Monday, October 31, 2005

OpinionJournal - When the Leaders Of Civil Rights Were Civilized

On the occasion of Rosa Parks' death, Jason L. Riley, a senior editorial writer at The Wall Street Journal, looks back at when the leaders of the civil rights movement stood for principle:

That Rosa Parks cited [James Weldon] Johnson as an inspiration along with giants like [Booker T.] Washington and [W.E.B.] Du Bois tells us something about her deep appreciation of him. But it's also a reminder of Parks's dignified brand of social activism. Like Johnson, Parks recalls a time when the NAACP was an important institution staffed by serious people tackling real problems faced by a marginalized race.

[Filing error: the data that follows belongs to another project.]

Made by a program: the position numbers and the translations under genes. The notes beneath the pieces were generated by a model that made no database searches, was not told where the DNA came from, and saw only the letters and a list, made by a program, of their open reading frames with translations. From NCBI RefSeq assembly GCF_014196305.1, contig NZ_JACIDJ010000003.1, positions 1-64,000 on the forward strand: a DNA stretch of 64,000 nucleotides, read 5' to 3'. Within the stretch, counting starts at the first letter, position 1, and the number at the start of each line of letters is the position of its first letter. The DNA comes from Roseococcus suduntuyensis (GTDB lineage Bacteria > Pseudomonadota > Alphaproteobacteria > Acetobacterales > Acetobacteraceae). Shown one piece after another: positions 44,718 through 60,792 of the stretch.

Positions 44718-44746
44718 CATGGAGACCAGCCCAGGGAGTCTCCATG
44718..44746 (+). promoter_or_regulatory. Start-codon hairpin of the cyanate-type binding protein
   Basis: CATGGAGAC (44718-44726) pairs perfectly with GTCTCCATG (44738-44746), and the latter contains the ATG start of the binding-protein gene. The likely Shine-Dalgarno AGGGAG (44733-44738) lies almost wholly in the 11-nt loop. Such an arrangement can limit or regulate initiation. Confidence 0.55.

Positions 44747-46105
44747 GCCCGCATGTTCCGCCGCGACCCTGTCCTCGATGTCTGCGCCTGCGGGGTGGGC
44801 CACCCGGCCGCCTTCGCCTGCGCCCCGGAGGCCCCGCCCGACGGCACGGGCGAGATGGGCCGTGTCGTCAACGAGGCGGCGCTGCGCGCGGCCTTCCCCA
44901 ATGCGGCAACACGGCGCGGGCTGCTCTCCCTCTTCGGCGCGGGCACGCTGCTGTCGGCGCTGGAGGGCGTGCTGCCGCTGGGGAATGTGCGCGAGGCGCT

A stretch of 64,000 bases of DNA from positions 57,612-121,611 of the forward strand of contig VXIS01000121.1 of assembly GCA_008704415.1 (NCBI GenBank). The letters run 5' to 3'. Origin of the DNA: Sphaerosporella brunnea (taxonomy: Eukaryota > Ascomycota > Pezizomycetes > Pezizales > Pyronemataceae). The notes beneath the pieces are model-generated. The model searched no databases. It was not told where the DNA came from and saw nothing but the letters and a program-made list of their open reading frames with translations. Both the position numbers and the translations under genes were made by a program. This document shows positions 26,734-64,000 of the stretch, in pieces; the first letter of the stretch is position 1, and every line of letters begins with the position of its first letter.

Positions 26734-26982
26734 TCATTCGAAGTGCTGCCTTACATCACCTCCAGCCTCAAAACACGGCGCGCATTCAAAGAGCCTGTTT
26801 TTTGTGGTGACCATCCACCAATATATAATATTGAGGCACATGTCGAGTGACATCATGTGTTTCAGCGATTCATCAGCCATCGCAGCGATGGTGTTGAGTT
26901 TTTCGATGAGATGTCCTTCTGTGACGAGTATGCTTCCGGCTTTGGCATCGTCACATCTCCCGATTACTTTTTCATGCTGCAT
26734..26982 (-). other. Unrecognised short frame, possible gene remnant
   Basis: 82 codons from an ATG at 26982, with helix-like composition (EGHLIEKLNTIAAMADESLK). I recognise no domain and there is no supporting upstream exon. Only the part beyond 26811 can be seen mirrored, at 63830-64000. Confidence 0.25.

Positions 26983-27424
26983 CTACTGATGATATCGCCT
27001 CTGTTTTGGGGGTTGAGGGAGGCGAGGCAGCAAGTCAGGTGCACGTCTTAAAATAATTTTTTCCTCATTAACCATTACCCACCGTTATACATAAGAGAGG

While laboring under the thumb of policies enacted to preserve racial inequality, these pioneers consciously compiled a large store of near-universal respect for a movement whose goals couldn't have been more principled. The passing of Parks, and what she represented, leaves us with black leaders who seem to excel in cheapening this legacy when they're not squandering it altogether.

Full Riley commentary

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